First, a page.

The Carriage Park situation raises the issue of whether the county ought to play a larger role in development on steep slopes. There are places in this county we ought not be building, or if we were building there, we ought to be building to a different standard.
The Carriage Park lawsuit exposed the common practice of selling unstable subdivision lots to unwary purchasers. Six Carriage Park plaintiffs told the jury that if the developer Dale Hamlin had been truthful about the risks and costs of building town homes on slopes likely to fail, they would have declined to purchase.

Currently the Carriage Park/ Carriage Springs town homes and adjacent land require $1,100,000 in remediation measures. The Hendersonville Times-News covered the Carriage Park trial in a series of articles.

Hazardous-Soil Findings for Henderson County Mountain Real Estate

Henderson County steep slope building sites (defined as land on or above a 15% grade) have long been classified “unsuitable” or “poorly suitable” for residential development because of defective soil conditions. “On site evaluation and planning” is needed when these soils are used to support roads and homes.

Caveat: The decision to build homes and roads on these soils will result in “a major increase in construction effort, special design, or intensive maintenance.” These costly engineering measures may not be feasible for some soils. Reference:1980 Henderson County Soil Survey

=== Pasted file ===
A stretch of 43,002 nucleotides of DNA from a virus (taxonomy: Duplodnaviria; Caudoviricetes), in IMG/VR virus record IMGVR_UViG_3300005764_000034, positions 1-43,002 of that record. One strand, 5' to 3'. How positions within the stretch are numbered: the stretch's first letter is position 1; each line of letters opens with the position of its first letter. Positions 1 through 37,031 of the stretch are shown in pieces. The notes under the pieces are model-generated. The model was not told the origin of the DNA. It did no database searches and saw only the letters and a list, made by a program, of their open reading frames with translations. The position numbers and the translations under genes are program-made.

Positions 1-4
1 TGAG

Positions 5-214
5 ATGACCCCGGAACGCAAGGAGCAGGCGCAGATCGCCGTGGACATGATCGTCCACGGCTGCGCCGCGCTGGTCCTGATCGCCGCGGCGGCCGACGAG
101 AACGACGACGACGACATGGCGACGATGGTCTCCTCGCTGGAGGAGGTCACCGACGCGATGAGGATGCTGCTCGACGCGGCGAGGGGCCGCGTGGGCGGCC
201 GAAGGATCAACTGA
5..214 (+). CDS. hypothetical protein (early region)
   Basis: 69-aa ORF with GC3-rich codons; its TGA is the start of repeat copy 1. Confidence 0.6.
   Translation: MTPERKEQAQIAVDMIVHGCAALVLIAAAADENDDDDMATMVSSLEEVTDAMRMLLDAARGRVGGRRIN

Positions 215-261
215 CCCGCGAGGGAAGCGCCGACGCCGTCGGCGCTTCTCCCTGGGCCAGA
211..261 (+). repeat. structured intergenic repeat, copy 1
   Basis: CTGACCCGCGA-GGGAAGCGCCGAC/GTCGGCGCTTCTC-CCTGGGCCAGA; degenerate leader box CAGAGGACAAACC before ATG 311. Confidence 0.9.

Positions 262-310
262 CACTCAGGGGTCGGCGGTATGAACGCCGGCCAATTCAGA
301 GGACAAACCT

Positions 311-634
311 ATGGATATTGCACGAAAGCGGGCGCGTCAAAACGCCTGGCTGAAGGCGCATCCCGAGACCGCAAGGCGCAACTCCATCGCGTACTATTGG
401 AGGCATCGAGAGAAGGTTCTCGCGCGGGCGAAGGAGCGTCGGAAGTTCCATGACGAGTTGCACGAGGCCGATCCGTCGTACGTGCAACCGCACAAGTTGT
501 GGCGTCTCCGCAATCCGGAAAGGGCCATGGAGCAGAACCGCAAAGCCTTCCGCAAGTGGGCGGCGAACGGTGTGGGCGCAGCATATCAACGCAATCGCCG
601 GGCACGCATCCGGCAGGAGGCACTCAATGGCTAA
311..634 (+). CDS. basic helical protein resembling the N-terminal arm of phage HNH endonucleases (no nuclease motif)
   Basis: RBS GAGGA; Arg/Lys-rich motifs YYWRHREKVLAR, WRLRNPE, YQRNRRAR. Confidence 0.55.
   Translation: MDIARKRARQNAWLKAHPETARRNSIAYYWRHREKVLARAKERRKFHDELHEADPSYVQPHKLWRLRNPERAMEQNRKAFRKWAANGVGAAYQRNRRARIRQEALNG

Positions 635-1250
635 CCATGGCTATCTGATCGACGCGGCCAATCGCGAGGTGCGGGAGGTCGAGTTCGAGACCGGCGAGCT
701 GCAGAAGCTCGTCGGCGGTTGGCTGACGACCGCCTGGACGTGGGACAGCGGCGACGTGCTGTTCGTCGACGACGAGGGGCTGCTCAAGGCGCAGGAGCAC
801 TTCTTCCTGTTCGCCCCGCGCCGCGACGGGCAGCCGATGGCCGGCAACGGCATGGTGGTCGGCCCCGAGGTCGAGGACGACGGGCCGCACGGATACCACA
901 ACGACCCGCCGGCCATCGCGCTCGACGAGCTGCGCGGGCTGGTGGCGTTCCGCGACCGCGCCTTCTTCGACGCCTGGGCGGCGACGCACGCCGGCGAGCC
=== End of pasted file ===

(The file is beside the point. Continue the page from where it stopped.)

Henderson County Mountain Real Estate: Landslide-Hazardous

Landslides also pose significant geologic threats to Henderson County real property.

The North Carolina Geologic Survey plans to release Henderson County landslide maps this year. These maps, along with enhanced computer technology, will enable the planning board to pinpoint landslide-hazardous locations throughout the county. Western North Carolina landslides became a federal disaster concern in 1998.

Fraudulent Concealment

Henderson County steep slope building sites have two indisputable material defects: landslides and unstable soils.

Legal definition of a material defect: A material defect is a problem with the property that the seller knows about, knows would make the property worth less, and which the seller chooses to conceal from the buyer.

Evidence presented during Carriage Park trial showed that the developer Dale Hamlin knew he was exposing his clients to undisclosed financial risks.

Mr. Hamlin was able to deceive his clients because the Henderson County planning board did not record the Carriage Park development tract as a hazardous-land subdivision.

When planning boards act in concert with developers to conceal material defects from purchasers they are aiding and abetting fraudulent sales practices.

Friday, February 12, 2010

Henderson County Mountain Real Estate Threatened by Landslides and Hazardous Soils

North Carolina Geological Survey—